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Title: Scheduling Chemotherapy: Catch 22 between Cell Kill and Resistance Evolution

Abstract

Dose response curves show that prolonged drug exposure at a low concentration may kill more cells than short exposures at higher drug concentrations, particularly for cell cycle phase specific drugs. Applying drugs at low concentrations for prolonged periods, however, allows cells with partial resistance to evolve higher levels of resistance through stepwise processes such as gene amplification. Models are developed for cell cycle specific (CS) and cell cycle nonspecific (CNS) drugs to identify the schedule of drug application that balances this tradeoff. The models predict that a CS drug may be applied most effectively by splitting the cumulative dose into many (>40) fractions applied by long-term chemotherapy, while CNS drugs may be better applied in fewer than 10 fractions applied over a shorter term. The model suggests that administering each fraction by continuous infusion may be more effective than giving the drug as a bolus, whether the drug is CS or CNS. In addition, tumors with a low growth fraction or slow rate of cell division are predicted to be controlled more easily with CNS drugs, while those with a high proliferative fraction or fast cell division rate may respond better to CS drugs.

Authors:
 [1]
  1. NERC Centre for Population Biology, Imperial College at Silwood Park, Ascot, Berkshire SL5 7PY, UK, Biology and Biotechnology Research Program, Lawrence Livermore National Laboratory, P.O. Box 808, L-452, Livermore, CA 94551-0452, USA
Publication Date:
Sponsoring Org.:
USDOE
OSTI Identifier:
1198191
Grant/Contract Number:  
W7405-ENG-48
Resource Type:
Published Article
Journal Name:
Journal of Theoretical Medicine
Additional Journal Information:
Journal Name: Journal of Theoretical Medicine Journal Volume: 2 Journal Issue: 3; Journal ID: ISSN 1027-3662
Publisher:
Hindawi Publishing Corporation
Country of Publication:
Country unknown/Code not available
Language:
English

Citation Formats

Gardner, Shea N. Scheduling Chemotherapy: Catch 22 between Cell Kill and Resistance Evolution. Country unknown/Code not available: N. p., 2000. Web. doi:10.1080/10273660008833047.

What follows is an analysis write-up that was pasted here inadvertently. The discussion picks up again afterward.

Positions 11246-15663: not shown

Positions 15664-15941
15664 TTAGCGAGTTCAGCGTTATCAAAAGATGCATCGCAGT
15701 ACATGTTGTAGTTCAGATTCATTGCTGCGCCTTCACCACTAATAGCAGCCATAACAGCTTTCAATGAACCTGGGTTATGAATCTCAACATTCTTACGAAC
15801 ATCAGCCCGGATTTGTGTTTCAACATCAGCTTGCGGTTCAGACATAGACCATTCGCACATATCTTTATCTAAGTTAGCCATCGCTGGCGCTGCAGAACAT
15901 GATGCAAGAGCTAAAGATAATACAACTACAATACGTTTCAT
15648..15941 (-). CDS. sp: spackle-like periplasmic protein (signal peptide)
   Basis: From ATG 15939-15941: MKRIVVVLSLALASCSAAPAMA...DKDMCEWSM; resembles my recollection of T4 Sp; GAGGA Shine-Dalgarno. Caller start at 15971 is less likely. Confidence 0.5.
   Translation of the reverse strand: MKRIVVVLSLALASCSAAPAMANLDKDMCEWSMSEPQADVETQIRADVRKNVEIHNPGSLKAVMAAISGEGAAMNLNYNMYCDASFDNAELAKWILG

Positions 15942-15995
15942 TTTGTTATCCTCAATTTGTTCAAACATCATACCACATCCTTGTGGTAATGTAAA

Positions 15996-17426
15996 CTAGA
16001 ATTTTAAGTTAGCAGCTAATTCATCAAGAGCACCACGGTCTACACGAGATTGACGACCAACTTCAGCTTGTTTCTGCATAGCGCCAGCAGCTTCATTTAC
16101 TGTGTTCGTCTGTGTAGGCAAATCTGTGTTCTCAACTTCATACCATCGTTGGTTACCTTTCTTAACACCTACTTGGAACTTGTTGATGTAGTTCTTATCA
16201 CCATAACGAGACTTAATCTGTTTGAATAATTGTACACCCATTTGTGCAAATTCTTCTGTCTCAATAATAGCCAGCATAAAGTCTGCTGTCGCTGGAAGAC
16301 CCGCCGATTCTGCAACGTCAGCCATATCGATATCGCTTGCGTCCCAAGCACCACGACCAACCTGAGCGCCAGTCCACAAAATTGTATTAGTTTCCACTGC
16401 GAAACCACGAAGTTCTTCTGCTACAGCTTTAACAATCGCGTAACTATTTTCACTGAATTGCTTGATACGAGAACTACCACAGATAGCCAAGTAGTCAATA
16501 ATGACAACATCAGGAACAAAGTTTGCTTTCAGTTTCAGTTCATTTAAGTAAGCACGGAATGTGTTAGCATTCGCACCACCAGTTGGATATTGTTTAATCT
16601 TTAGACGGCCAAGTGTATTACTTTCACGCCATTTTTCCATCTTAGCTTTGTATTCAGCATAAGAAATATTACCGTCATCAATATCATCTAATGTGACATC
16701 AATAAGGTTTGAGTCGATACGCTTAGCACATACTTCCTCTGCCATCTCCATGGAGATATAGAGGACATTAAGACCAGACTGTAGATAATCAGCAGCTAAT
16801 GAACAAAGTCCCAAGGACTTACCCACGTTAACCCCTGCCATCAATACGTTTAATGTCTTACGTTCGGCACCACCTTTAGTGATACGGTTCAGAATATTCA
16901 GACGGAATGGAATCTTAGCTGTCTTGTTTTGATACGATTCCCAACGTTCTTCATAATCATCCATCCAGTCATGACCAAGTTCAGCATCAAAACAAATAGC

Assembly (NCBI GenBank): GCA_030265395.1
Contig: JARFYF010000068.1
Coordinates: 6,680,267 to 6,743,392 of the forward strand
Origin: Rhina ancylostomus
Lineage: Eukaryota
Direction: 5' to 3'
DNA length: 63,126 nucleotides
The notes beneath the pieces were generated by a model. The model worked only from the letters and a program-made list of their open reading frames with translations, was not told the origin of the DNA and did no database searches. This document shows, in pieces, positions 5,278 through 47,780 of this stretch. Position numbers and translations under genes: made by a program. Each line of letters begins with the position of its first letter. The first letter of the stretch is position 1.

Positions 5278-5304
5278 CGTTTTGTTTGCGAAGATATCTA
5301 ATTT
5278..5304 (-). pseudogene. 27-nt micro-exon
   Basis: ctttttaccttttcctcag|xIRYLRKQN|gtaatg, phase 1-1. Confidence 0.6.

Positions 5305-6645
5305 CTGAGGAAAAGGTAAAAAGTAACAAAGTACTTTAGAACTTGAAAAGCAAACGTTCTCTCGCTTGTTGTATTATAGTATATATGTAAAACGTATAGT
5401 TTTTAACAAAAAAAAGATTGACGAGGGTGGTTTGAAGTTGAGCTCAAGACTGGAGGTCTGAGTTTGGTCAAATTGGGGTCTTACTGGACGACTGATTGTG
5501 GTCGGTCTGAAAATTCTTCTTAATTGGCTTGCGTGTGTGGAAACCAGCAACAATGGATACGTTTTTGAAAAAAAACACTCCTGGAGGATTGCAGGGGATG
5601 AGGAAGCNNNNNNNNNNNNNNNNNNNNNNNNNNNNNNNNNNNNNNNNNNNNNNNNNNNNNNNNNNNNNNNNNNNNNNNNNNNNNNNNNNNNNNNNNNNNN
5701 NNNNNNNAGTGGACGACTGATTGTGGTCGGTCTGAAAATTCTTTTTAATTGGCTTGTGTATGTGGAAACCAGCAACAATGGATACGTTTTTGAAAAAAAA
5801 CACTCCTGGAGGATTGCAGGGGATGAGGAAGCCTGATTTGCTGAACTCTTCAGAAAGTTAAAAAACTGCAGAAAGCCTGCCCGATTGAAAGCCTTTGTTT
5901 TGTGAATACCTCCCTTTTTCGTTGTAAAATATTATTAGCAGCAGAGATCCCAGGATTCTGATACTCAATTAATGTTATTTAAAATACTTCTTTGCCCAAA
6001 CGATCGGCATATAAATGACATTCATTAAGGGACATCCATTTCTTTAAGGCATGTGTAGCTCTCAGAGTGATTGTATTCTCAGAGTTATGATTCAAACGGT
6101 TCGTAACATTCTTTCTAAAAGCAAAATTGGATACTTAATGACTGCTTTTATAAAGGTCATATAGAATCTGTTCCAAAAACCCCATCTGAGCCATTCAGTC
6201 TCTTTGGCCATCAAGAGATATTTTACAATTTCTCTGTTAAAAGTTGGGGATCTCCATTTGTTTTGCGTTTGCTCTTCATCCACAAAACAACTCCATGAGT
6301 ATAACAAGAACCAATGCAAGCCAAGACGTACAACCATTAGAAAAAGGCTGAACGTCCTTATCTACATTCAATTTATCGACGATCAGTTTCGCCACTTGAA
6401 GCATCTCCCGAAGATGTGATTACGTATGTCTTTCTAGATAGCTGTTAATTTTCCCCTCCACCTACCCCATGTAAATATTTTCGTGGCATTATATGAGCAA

Gardner, Shea N. Scheduling Chemotherapy: Catch 22 between Cell Kill and Resistance Evolution. Country unknown/Code not available. doi:10.1080/10273660008833047.
Gardner, Shea N. Sat . "Scheduling Chemotherapy: Catch 22 between Cell Kill and Resistance Evolution". Country unknown/Code not available. doi:10.1080/10273660008833047.
@article{osti_1198191,
title = {Scheduling Chemotherapy: Catch 22 between Cell Kill and Resistance Evolution},
author = {Gardner, Shea N.},
abstractNote = {Dose response curves show that prolonged drug exposure at a low concentration may kill more cells than short exposures at higher drug concentrations, particularly for cell cycle phase specific drugs. Applying drugs at low concentrations for prolonged periods, however, allows cells with partial resistance to evolve higher levels of resistance through stepwise processes such as gene amplification. Models are developed for cell cycle specific (CS) and cell cycle nonspecific (CNS) drugs to identify the schedule of drug application that balances this tradeoff. The models predict that a CS drug may be applied most effectively by splitting the cumulative dose into many (>40) fractions applied by long-term chemotherapy, while CNS drugs may be better applied in fewer than 10 fractions applied over a shorter term. The model suggests that administering each fraction by continuous infusion may be more effective than giving the drug as a bolus, whether the drug is CS or CNS. In addition, tumors with a low growth fraction or slow rate of cell division are predicted to be controlled more easily with CNS drugs, while those with a high proliferative fraction or fast cell division rate may respond better to CS drugs.},
doi = {10.1080/10273660008833047},
journal = {Journal of Theoretical Medicine},
number = 3,
volume = 2,
place = {Country unknown/Code not available},
year = {2000},
month = {1}
}

Journal Article:
Free Publicly Available Full Text
Publisher's Version of Record
DOI: 10.1080/10273660008833047

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